Some around the capitol call it an intramural fight. I call it an intra-party blood bath. It started several months back when, according to talk circulating around Montgomery, sources believed to be connected to Gov. Bob Riley began circulating certain rumors about Atty. Gen. Troy King, a man appointed by the governor.
The rumors came out as Birmingham lawyer Luther Strange announced that he would oppose King for the AG post in 2010. Strange was defeated in his quest to become lieutenant governor by Jim Folsom Jr. in 2006. Sources have told me that the King rumors, if not originated by people close to Riley, were fostered by those around him including the governor’s son, Rob Riley, a Birmingham lawyer, and persons affiliated with Strange. The rumor buzz traveled like a blitzkrieg across the state.
Now the governor and his minions are trying to pin King against the wall on the issues surrounding electronic bingo in Alabama. King has investigated the various laws permitting bingo operations in the state and determined those operations which are legal and those which are not. To counter that, Riley has pulled a retired district attorney, David Barber of Birmingham, out of his hat to investigate gambling in Alabama. The question many around the capitol are asking is why the governor is trying to override King’s investigation.
Some capitol sources believe this is a part of a continuing payback by Riley to the Mississippi gambling interests who funneled over $2 million into his 2002 election campaign via contributions through the Republican Governor’s Conference. Those same observers believe the quid pro quo was for Riley to do everything he could to keep any type of gambling in Alabama to a minimum so that the casinos in Mississippi could flourish.
Using state officers under the control of the governor, Barber conducted a raid on the bingo games at White Hall in Dallas County last week, a gaming operation that has been declared legal under Alabama law by a circuit court. Over a half million in cash and 101 machines were seized.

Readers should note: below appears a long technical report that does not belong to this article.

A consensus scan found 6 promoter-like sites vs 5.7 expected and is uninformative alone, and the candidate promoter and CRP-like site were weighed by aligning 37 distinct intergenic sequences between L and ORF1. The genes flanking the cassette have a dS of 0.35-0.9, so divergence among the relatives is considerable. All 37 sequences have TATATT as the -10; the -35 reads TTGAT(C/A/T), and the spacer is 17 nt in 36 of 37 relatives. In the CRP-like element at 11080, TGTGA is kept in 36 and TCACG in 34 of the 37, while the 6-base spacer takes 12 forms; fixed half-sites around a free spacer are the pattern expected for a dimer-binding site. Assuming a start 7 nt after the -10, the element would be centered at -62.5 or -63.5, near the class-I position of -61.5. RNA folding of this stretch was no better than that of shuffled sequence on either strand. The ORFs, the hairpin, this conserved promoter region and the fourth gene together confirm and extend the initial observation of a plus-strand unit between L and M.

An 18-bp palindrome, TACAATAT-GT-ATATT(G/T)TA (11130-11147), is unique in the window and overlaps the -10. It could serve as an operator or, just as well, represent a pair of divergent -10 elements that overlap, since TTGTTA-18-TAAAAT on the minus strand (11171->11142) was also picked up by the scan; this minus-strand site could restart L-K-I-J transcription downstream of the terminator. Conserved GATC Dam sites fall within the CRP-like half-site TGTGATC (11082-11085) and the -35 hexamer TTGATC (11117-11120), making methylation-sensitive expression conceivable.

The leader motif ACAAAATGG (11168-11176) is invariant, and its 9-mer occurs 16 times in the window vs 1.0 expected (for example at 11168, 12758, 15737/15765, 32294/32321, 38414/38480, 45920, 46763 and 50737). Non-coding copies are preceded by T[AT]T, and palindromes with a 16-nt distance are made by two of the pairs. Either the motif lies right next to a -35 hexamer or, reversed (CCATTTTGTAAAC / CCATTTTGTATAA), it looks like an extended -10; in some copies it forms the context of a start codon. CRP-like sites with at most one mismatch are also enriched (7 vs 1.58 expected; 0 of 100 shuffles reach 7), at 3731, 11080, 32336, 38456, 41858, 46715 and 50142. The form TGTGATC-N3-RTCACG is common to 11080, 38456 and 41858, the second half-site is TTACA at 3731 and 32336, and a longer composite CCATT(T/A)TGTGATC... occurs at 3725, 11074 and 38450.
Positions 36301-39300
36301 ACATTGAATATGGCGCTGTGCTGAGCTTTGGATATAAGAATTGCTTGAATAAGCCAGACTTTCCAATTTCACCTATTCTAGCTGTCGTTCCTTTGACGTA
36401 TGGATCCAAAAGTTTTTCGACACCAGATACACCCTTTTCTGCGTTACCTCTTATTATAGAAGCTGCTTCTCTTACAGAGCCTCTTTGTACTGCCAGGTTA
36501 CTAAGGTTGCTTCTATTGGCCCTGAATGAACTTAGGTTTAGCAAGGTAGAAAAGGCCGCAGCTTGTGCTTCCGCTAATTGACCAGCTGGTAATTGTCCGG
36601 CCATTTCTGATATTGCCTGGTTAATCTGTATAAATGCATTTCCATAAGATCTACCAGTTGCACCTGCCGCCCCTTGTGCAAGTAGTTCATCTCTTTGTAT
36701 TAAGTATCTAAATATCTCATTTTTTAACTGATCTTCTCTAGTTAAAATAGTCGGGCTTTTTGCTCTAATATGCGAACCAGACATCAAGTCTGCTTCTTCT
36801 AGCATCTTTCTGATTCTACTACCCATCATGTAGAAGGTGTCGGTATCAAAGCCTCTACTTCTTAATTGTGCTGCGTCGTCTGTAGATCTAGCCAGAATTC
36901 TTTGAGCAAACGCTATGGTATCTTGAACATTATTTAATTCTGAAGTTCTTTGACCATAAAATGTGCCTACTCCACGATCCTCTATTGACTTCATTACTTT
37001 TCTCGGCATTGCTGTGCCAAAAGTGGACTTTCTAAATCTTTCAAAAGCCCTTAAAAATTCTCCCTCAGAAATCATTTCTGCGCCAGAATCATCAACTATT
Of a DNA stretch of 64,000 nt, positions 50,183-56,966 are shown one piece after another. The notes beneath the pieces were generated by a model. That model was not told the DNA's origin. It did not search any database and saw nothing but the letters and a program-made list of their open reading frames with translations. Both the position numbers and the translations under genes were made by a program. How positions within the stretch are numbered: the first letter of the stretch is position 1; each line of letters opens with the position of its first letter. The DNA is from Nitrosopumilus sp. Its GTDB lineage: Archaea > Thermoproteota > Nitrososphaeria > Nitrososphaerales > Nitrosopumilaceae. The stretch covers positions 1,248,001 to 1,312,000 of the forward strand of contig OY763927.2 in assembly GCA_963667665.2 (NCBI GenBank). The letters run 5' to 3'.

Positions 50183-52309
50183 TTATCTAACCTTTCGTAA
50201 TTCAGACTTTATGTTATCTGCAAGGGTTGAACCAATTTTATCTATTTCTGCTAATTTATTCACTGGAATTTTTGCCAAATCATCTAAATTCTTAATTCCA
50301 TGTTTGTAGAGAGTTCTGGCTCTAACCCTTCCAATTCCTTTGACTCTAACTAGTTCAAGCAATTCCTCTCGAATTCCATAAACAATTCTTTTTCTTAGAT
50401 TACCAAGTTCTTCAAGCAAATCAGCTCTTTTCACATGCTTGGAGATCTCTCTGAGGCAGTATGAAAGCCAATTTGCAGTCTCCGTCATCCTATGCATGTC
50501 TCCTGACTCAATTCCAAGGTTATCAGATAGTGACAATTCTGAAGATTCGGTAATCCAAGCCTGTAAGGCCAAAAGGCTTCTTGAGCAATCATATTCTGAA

Barber said he would try the case when it came to court, and this would be the first of possibly more raids depending on current investigation. That may or may not be the case. Barber has the authority to conduct the investigation at the behest of the governor, but his authority is trumped by the attorney general, who can take over and supervise any criminal investigation in the state.
Here is the statutory language: “The Attorney General, either in person or by one of his assistants, may at any time he sees proper, either before or after indictment, superintend and direct the prosecution of any criminal case in any of the courts of this state. The district attorney prosecuting in such court shall assist and act in connection with the Attorney General or his assistant in such case.”
I vividly recall a time when former Atty. Gen. Bill Baxley stripped away the authority of the local district attorney in Colbert County and took over the investigation and prosecution of a murder case. To Baxley’s chagrin, the jury rejected his arguments and found the defendant innocent. The governor and Mr. Barber should review that case before swooping into any more local counties in an attempt to usurp the authority of local law enforcement. The question remains whether King will use his authority to step in and return the investigation to local Dallas County authorities. Some of his advisors are saying that is what he should do.
So what kind of game is the governor really playing with the fellow he named attorney general of the state? Some capitol observers with whom I have talked believe the game, in addition to helping the Mississippi casinos, is to get King embroiled in the gambling argument in order to aid Strange in his bid to replace the current attorney general.
I doubt if the attorney general will stand still and permit the governor and Strange to run over him. There’s likely to be more interesting developments in this family feud, perhaps as soon as this week.